Growing up in College Station, TX, Julianna Masabni always felt out of place. "I was always the girl with the curly hair." Her hair made her stand out, and she hated that. She often woke up wanting to shave off her curls. People had come to associate her with her hair, and since she viewed her hair as ugly, she thought others saw her that way too.
Then she went off to college, where again she was the girl with the curls. "But now I saw my hair in a positive way. I'm the (resident assistant) with the curly hair, and I love that."
Going off to college is a time of discovery, a chance to discover who you are. Hair – specifically curly hair – can be a big part of self image and exploration. That was the topic Thursday night at Kinsolving Dorm at the University of Texas in Austin, where a standing-room-only crowd gathered to hear a panel of curlies discuss their curls, kinks and waves.
Some of the topics were amusing, like how to deal with shedding curly hair when you share a bathroom with a bunch of other people. Others were practical, like how to find cost-effective products on a college student's budget. And some were emotional, like when Timia Bethea shared how her natural journey inspired her mother to do the same. "I realized I could make a difference in how other people see their hair."
Deanna Hausman grew up fighting her long curly hair. "Growing up, curly hair wasn't something I thought I should want. I got so much attention when I straightened my hair, so that reaffirmed that straight haired was the right way to be."
When she got to college, she realized that her constant struggle to straighten her hair was, in fact, fighting her own body. "At college, I saw other people celebrating their hair, and it changed my mindset. It became about seeing what my hair can do rather than trying to fit into other people's image."
Embracing her hair enabled to appreciate other things about herself, including her Mexican heritage.
Gerard Smithwrick grew up getting his hair cut short at the barber. That's what black men were supposed to do. "That was the ideal image of being clean, proper and put together." It wasn't until two years ago at grad school that he decided to let it grow out and see what happened.
"I loved it" he says.
But will that confidence follow them out of college as they move into the workforce or grad school? They expressed concerns that as the only black woman in the business school, or the only woman in her biochemistry major, or the only black person in the school of classical music, they already stand out. They are already different. So to wear their hair natural is to emphasize that difference even more, and that's not something they feel comfortable with in a professional setting.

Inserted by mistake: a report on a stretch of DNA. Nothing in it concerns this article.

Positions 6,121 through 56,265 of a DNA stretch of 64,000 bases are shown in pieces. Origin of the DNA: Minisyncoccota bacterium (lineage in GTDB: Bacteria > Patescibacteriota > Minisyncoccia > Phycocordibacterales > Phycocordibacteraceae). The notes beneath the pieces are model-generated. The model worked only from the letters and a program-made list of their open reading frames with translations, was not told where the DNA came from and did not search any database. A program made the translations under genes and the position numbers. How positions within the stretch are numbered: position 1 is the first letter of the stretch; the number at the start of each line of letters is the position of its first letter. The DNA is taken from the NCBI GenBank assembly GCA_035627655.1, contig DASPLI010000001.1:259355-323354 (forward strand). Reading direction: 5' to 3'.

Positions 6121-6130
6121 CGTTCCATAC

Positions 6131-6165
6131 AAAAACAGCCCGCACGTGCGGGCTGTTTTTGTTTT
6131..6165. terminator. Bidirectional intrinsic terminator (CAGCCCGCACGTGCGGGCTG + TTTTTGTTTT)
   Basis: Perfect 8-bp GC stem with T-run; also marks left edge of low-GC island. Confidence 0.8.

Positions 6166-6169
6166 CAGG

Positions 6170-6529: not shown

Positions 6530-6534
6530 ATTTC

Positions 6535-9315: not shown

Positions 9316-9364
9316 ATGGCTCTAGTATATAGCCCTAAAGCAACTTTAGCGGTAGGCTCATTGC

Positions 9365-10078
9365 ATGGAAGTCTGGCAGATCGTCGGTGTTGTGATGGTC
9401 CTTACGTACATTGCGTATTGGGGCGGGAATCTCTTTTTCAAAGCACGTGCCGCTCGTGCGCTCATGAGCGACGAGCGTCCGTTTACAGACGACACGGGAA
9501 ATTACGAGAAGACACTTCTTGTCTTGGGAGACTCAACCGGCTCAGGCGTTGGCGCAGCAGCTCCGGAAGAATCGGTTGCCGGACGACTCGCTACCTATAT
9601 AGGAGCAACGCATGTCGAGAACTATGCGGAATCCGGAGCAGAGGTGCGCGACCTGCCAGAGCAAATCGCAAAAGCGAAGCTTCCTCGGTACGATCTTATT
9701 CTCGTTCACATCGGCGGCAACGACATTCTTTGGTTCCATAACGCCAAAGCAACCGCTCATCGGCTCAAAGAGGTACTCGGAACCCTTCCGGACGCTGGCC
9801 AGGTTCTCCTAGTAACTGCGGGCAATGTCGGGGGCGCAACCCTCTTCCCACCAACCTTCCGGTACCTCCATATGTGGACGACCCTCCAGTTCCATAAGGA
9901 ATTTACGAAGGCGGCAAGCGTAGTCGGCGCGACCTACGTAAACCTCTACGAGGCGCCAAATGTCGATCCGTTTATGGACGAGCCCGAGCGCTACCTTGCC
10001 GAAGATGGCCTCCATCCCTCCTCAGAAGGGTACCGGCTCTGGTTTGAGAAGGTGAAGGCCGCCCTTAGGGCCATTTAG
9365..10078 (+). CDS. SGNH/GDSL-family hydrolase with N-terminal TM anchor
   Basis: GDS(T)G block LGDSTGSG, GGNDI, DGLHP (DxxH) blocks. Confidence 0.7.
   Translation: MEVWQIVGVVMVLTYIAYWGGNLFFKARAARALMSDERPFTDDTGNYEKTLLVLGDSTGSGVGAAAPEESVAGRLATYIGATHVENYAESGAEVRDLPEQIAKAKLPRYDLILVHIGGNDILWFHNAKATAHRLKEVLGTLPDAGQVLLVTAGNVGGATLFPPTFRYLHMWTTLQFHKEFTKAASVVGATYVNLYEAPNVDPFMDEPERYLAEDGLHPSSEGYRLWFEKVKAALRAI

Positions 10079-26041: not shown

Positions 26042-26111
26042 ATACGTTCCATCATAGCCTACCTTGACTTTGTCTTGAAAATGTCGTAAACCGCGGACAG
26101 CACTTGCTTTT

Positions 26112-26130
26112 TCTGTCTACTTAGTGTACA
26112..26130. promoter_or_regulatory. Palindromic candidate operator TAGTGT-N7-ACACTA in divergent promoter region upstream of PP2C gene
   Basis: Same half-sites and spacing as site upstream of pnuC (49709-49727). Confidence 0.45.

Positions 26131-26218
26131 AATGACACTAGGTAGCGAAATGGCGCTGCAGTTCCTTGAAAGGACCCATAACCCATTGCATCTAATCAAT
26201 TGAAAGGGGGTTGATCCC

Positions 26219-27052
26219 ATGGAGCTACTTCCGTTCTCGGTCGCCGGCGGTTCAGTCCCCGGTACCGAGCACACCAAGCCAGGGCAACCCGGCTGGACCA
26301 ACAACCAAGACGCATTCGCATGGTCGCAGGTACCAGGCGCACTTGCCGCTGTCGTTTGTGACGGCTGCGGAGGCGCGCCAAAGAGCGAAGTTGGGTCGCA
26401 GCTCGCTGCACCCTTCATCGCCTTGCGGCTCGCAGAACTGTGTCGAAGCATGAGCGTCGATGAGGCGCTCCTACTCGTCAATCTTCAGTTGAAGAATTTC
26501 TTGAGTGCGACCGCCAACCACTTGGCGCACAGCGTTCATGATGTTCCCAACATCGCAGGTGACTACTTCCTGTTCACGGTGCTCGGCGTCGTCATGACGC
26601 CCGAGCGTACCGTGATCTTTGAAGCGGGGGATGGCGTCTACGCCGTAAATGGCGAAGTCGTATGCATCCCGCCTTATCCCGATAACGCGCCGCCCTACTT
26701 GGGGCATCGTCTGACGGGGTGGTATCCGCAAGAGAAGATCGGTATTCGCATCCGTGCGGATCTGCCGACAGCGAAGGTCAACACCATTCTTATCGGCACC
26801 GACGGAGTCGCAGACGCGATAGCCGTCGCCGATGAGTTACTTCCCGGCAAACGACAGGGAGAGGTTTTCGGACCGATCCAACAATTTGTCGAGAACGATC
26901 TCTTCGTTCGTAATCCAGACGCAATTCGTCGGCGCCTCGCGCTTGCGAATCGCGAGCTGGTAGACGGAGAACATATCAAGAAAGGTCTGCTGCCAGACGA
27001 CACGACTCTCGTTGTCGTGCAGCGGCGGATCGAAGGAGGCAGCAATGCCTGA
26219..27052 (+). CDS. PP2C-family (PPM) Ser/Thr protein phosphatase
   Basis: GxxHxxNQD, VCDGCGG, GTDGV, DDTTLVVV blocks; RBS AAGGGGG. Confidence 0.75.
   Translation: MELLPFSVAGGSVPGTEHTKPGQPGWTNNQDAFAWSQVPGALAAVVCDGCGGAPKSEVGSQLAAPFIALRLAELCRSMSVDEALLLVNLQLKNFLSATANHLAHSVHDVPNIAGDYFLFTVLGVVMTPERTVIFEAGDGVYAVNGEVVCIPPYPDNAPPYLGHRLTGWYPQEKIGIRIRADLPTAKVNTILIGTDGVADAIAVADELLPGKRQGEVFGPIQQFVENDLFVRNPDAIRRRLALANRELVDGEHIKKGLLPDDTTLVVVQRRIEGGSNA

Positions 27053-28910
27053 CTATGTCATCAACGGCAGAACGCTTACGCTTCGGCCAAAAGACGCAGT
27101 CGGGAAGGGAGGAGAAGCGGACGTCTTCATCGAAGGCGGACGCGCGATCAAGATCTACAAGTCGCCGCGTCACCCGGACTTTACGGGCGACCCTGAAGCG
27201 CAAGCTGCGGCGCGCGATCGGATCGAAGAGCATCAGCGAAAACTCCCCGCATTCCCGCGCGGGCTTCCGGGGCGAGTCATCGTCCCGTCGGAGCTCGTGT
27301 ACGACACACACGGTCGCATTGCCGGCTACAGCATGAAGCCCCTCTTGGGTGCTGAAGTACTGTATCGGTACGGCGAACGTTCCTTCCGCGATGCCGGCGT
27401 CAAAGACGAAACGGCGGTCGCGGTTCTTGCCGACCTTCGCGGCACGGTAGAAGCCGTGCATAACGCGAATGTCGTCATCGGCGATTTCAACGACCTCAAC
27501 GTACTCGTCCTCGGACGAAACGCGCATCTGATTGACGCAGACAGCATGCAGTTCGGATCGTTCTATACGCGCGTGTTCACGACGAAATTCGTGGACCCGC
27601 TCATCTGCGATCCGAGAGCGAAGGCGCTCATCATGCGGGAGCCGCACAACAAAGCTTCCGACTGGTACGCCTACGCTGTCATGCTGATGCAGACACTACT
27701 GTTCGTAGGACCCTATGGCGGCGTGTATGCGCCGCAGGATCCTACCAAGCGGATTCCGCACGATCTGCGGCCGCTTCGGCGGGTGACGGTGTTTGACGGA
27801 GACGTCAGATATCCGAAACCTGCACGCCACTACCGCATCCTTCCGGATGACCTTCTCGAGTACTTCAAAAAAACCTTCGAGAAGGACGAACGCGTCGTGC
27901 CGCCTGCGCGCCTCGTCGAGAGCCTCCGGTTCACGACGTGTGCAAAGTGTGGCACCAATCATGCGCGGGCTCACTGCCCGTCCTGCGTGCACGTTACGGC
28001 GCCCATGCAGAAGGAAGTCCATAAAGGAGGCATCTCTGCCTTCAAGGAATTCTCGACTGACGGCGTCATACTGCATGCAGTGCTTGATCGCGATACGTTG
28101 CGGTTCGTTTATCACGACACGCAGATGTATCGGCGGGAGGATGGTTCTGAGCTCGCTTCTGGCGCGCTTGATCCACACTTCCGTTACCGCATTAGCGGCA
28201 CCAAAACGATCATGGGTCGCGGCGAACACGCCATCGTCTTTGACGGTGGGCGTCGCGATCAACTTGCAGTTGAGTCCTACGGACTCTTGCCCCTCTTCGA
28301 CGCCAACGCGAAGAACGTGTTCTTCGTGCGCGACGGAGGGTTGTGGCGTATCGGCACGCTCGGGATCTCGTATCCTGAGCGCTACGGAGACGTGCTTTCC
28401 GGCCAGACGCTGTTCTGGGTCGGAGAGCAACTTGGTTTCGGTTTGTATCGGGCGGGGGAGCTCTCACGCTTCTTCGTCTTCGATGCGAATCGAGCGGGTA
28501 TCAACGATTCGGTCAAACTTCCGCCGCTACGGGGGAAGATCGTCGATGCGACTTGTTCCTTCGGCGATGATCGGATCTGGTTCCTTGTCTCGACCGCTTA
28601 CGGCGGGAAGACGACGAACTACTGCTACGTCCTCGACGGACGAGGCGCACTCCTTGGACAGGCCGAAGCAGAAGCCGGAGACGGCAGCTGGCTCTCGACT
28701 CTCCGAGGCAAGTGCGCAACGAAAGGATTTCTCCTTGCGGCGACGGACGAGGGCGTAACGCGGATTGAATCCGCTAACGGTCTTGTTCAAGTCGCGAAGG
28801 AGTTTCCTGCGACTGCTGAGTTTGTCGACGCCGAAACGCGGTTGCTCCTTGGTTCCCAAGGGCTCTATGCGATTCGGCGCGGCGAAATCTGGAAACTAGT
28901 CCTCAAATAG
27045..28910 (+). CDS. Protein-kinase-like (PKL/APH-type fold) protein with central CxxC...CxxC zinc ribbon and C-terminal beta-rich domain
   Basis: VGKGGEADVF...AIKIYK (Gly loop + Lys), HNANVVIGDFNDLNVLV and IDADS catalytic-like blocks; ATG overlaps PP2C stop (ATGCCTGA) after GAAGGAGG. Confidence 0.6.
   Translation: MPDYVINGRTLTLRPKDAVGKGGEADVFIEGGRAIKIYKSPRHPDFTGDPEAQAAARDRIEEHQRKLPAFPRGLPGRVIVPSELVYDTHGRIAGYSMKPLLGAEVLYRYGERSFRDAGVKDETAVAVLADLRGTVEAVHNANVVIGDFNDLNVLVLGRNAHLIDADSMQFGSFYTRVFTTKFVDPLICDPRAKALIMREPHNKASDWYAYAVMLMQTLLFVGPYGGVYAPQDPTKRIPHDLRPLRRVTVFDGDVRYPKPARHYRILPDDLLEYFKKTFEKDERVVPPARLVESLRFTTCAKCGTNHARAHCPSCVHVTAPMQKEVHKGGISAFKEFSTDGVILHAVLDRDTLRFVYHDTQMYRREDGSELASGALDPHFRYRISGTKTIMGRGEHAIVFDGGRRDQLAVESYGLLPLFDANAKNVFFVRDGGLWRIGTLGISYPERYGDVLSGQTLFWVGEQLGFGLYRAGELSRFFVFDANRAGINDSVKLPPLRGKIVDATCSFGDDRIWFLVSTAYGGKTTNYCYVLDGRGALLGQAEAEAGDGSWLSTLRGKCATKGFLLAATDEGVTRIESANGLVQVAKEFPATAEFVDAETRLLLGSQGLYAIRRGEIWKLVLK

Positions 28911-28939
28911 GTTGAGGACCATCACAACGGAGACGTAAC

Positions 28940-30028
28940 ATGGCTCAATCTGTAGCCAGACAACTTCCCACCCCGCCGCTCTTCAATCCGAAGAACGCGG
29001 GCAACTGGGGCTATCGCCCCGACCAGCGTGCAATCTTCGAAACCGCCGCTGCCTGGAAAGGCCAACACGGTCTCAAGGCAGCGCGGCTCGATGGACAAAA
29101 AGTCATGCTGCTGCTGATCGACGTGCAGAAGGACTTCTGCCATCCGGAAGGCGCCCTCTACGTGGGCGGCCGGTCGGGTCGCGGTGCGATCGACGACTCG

Masabni says she was faced with self doubt as she applied to Dental Schools and once again found herself being the only curly girl in the room. "I worry when I go to school and start seeing patients, is my hair and my identity going to be the reason they don't come to me?"
When Smithwrick was applying for the job in the residence hall at the University of Texas, he didn't' know if he should keep his hair long or should cut it short again. After talking to his mentors, he cut it short. "After cutting it, my heart dropped. I didn't know who this person was. It was not Girard."
A light bulb went off. "I decided that no matter what happens next, if I cut my hair, it's because I want to cut my hair."
Smithwrick, believes this generation is pushing the envelope for change that they'll take with them from college into their professional lives. When he attends job conferences he already notices there are applicants wearing their hair natural, wearing locs, "How are they going to get a job with locs?" he mused. But he also sees the recruiters are embracing their individuality too. "This generation is going to change what professionalism looks like. We are creating a culture of self acceptance."
Did you wear your hair natural in college? Do you see the attitude towards natural hair in the workplace changing?